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Pink and Say by Patricia Polacco

Pink and Say

by Patricia Polacco, Joan Hickson (Illustrator)

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1,4411395,209 (4.5)9



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This is a great book that references the American Civil War. It can trigger many emotions, but gives us a good representation of how things were during those hard times. This book can be used when teaching about historical events in America. ( )
  Jdean12 | Oct 20, 2016 |
This book would be a great book to read to my students when learning about the Civil War. I think I would have to be careful with this book because it does get bloody in some areas, so I want to make sure that my students are mature enough to read this book. I also believe that this book is a great way to show students that everybody is the same, regardless of race. ( )
  laurenkt | Oct 20, 2016 |
Gives children a better understanding on World War II with an ease at heart. Great read! ( )
  danyaa | Oct 20, 2016 |
I really like Patricia Polacco's stories. They always seem to have an element to them that really draws you in. Pink and Say is no exception. I really like how she is able to create such strong feelings in this story. Even though the story takes place during the Civil War, there are still things that children can learn about in today's time including slavery. It has a good message of treating everyone with respect no matter what they may look like. ( )
  dschae7 | Oct 20, 2016 |
This is a must have book for every teacher! It is a wonderful story of friendship that every student can relate to. Students will enjoy this story of friends who became close in the most unlikely situation. I highly recommend this book because teachers can do so much with it. ( )
  KatieDinsmore | Oct 17, 2016 |
Showing 1-5 of 139 (next | show all)
Hands and gestures have always been important in Polacco's work. Here they are at the center of a picture book based on a true incident in the author's own family history. It's a story of interracial friendship during the Civil War between two 15-year-old Union soldiers. Say, who is white and poor, tells how he is rescued by Pinkus (Pink), who carries the wounded Say back to the Georgia home where Pink's black family were slaves. In a kind of idyllic interlude, Pink and his mother nurse Say back to health, and Pink teaches his friend to read; but before they can leave, marauders kill Pink's mother and drag the boys to Andersonville prison. Pink is hanged, but Say survives to tell the story and pass it on across generations. The figure of Pink's mother borders on the sentimental, but the boys' relationship is beautifully drawn. Throughout the story there are heartbreaking images of people torn from a loving embrace. Pictures on the title and copyright pages show the parallel partings as each boy leaves his family to go to war. At the end, when the friends are wrenched apart in prison, the widening space between their outstretched hands expresses all the sorrow of the war. Then, in a powerful double-page spread, they are able to clasp hands for a moment, and their union is like a rope. Say once shook Lincoln's hand, just as Say held Pink's hand, and Say tells his children, who tell theirs, that they have touched the hand that touched the hand . . .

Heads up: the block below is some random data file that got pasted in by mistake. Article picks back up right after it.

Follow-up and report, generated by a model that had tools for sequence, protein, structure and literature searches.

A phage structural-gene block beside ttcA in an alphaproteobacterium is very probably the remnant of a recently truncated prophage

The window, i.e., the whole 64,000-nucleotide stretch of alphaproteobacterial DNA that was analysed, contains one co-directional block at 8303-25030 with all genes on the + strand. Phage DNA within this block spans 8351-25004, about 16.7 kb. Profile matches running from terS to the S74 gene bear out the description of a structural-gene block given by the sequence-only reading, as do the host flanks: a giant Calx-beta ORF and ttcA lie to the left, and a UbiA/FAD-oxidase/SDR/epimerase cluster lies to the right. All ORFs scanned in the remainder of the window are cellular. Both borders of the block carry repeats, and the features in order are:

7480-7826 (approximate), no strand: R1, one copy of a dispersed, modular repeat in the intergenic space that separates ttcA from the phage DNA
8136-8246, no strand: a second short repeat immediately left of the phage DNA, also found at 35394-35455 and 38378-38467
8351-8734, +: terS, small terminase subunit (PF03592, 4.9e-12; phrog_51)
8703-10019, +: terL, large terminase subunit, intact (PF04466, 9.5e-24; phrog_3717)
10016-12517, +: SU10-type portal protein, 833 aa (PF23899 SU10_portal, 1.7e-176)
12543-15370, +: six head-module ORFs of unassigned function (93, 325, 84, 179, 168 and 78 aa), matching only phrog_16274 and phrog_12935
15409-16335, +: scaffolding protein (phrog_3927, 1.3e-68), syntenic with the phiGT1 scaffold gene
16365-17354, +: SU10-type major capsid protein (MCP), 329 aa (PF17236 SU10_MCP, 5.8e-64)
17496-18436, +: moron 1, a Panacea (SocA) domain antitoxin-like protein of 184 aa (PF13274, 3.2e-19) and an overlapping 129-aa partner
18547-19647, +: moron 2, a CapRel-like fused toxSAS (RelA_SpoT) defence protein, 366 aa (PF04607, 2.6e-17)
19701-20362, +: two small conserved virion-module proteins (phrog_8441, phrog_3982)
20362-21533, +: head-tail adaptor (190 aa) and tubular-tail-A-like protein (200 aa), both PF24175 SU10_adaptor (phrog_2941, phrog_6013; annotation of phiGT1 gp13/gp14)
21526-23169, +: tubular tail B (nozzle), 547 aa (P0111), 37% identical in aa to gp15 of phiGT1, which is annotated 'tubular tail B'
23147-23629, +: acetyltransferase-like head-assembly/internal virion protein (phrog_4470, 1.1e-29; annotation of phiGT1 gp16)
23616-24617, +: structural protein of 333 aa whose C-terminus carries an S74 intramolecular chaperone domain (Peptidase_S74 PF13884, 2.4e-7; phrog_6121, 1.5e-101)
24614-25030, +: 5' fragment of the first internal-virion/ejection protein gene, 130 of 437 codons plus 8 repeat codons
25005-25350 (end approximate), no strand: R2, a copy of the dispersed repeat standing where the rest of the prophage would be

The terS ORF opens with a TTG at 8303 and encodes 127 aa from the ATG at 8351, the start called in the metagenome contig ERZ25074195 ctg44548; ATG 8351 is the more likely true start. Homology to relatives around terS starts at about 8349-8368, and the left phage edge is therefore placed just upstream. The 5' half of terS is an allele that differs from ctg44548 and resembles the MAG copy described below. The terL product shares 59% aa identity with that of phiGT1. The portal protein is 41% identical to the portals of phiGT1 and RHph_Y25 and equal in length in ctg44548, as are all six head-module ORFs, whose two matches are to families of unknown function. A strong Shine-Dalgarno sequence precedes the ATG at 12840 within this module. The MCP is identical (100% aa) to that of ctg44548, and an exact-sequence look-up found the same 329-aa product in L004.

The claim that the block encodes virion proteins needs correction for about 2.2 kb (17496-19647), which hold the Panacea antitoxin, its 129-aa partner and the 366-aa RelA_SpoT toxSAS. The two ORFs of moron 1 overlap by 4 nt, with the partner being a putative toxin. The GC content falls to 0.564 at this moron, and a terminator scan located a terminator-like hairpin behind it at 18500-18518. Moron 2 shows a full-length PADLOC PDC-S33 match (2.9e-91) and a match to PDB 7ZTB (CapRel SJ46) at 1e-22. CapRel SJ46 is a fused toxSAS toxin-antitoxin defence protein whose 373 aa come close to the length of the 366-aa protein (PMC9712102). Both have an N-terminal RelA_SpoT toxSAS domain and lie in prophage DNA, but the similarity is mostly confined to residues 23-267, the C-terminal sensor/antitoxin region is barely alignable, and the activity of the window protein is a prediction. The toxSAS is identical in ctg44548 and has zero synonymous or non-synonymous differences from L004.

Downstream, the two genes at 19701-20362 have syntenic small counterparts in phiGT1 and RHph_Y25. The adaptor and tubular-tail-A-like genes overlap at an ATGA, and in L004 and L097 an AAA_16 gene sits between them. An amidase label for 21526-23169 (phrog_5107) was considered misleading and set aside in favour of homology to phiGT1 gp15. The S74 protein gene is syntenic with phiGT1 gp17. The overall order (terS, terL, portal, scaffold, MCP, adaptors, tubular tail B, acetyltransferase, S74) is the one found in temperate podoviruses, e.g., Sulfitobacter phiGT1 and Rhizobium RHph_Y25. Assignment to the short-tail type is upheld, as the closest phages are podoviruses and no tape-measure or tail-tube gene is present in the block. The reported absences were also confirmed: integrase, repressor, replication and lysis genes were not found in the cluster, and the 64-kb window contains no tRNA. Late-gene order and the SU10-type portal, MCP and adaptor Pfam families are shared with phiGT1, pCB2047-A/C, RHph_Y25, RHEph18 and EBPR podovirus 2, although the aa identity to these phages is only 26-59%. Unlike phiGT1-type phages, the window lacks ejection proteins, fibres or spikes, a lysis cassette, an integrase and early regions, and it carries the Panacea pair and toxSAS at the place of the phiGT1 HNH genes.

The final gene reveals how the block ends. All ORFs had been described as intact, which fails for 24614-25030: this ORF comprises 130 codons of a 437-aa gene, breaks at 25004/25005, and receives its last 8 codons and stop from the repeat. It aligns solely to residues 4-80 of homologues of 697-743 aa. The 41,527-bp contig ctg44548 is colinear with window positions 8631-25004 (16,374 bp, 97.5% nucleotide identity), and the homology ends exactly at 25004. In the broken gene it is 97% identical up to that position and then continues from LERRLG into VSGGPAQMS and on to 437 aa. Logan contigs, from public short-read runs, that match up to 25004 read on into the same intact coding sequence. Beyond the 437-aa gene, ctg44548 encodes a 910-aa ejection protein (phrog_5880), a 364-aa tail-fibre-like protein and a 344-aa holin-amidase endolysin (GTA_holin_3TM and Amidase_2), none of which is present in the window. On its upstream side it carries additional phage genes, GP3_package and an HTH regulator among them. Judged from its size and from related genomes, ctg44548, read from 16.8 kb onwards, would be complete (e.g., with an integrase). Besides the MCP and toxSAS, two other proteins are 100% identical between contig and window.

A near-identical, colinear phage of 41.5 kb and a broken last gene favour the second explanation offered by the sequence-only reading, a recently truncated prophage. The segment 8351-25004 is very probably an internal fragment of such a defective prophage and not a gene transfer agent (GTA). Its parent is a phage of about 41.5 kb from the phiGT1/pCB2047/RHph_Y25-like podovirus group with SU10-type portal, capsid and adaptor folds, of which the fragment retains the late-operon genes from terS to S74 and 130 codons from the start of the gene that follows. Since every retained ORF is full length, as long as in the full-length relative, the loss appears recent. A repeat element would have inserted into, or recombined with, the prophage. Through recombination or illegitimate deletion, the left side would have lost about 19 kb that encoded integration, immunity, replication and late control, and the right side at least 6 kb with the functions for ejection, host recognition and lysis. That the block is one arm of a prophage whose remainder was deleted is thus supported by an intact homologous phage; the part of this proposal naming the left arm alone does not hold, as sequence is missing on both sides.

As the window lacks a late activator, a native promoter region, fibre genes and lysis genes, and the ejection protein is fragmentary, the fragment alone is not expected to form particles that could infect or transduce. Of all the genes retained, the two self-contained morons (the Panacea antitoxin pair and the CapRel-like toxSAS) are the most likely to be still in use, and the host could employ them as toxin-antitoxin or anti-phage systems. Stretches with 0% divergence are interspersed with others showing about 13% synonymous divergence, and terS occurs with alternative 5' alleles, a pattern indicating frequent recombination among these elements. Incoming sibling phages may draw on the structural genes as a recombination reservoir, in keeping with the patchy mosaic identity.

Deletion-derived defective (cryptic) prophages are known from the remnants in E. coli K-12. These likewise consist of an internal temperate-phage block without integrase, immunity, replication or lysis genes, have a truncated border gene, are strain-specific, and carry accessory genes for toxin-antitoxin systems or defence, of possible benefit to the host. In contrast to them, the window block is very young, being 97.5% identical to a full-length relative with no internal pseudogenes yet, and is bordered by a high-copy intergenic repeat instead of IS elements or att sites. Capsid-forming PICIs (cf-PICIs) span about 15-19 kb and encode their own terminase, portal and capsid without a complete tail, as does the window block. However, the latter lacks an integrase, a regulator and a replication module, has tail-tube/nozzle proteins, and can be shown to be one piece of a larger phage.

added by sriches | editBooklist
Gr 4 UpSay, 15, had never seen a black person up close until Pink, also a young Union soldier, saves his life. During his brief stay in Pink's home, the wounded boy comes to understand his friend's unconquerable vision of freedom. A memorable family reminiscence with evocative paintings. (Oct. 1994)
added by sriches | editSchool Library Journal

» Add other authors (5 possible)

Author nameRoleType of authorWork?Status
Patricia Polaccoprimary authorall editionsconfirmed
Hickson, JoanIllustratormain authorall editionsconfirmed

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Book description
Follows the story of two boys during the Civil War. One was a slave and one was a soldier. The soldier named Say gets saved by Pink, who was a slave and is taken back to his slave home. It tells the story of this great friendship.
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Say Curtis describes his meeting with Pinkus Aylee, a black soldier, during the Civil War, and their capture by Southern troops. Based on a true story about the author's great-great-grandfather.

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